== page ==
What you should say are things that affirm the strengths of your loved one and their relationship: "I know you are a caring person"; "You've weathered storms before." Avoid being so relentlessly upbeat and cheerful that the confider doesn't feel heard.
Offer perspective by helping the other person see that many relationship problems are common and surmountable. Help your friend consider the feelings of his or her partner. Don't accept addiction, affairs or abuse as "normal." You may want to briefly share one of your own experiences, but be careful not to equate it with the other person's. "You don't want to come across as a know-it-all," Dr. Doherty says.
If a person seems stuck in a problem—maybe the couple has stopped communicating—Dr. Doherty suggests the confidant may want to "challenge" the confider. Gently suggest that the person communicate more clearly with the partner or examine his or her expectations and contributions to the problem. "I" statements are great for this, Dr. Doherty says, as in, "One of the things I've learned is that when I don't speak up I can't expect him to know what I want."
If someone seems to be in danger of making a poor decision, a confidant might want to give advice. But it should be specific and infrequent. Recommend a book, the name of a marriage therapist or information about a couples retreat. "The first responder is, by definition, not the last responder," Dr. Doherty says.
First-responder training also covers boundaries. Confidants need to be wary of getting a sort of caregiver's fatigue. Feeling leaned upon too often can harm the friendship or working relationship.
If you are a confidant, identify your own emotional "triggers"—the relationship issues that upset you because you have dealt with them yourself. As a confidant, you don't want to escalate negativity or get more upset than the confider.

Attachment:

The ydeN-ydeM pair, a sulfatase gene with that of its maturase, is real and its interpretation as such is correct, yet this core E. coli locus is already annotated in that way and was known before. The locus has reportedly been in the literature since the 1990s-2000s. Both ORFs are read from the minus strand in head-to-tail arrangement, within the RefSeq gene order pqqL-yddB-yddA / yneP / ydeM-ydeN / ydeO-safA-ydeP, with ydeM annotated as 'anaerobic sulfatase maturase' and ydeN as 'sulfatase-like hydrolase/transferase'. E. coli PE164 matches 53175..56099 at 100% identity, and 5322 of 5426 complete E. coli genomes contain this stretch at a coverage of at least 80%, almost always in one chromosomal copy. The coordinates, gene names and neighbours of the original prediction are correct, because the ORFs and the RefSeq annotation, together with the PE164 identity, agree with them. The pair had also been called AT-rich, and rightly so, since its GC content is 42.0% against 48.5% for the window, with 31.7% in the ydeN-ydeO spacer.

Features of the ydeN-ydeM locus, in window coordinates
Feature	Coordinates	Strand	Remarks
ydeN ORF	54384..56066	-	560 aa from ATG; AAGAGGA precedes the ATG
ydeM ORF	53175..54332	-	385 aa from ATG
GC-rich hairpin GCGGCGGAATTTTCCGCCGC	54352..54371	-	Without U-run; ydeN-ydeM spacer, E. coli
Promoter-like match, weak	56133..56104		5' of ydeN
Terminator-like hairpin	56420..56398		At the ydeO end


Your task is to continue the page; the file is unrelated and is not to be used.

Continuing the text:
Depending on your relationship with the couple, you may need to resist being drawn into a triangle. Don't become a confidant to both spouses or act as mediator. You may have to tell the couple directly that you don't want to be in the middle.
My friends know I am a veteran confidant and, let's face it, a confider, too. An important point I took away from marital first-responders training was that most relationship problems—lack of sex, not feeling heard, conflicts about money, raising children—are universal. It can be comforting for a person to hear this.
Ms. Baremore, who felt her skills as a confidant were lacking, recognized she was sometimes judgmental of friends who confided in her. "I would say, 'What are you doing? Don't mess this up,' " she recalls. Or "Yeah, I saw this coming."
After taking the workshop at her church, she learned to listen without being distracted, to avoid judging or diagnosing and to reflect back what she was hearing. She got "tools to acknowledge that my own opinions are there, but I can set them aside," she says.
Soon after taking the workshop, Ms. Baremore had breakfast with a friend who disclosed that her husband was upset about how much time she spends at work. Ms. Baremore remarked, "It sounds like there is some tension in your family around scheduling." The two talked a bit about the issue and her friend switched topics.
Then Ms. Baremore disclosed her own tough time: Her mother-in-law is very ill, and she and her spouse are exhausted from parenting. "In the next breath," Ms. Baremore recalls, the friend "started to really share how things are going in her marriage. She really did have a lot to say, but she was looking for an opening."
A few days later, Ms. Baremore got a text from her friend asking to get together again. "It's unusual to hear from her so soon," Ms. Baremore says. "I took it as a signal that it was valuable to her to talk."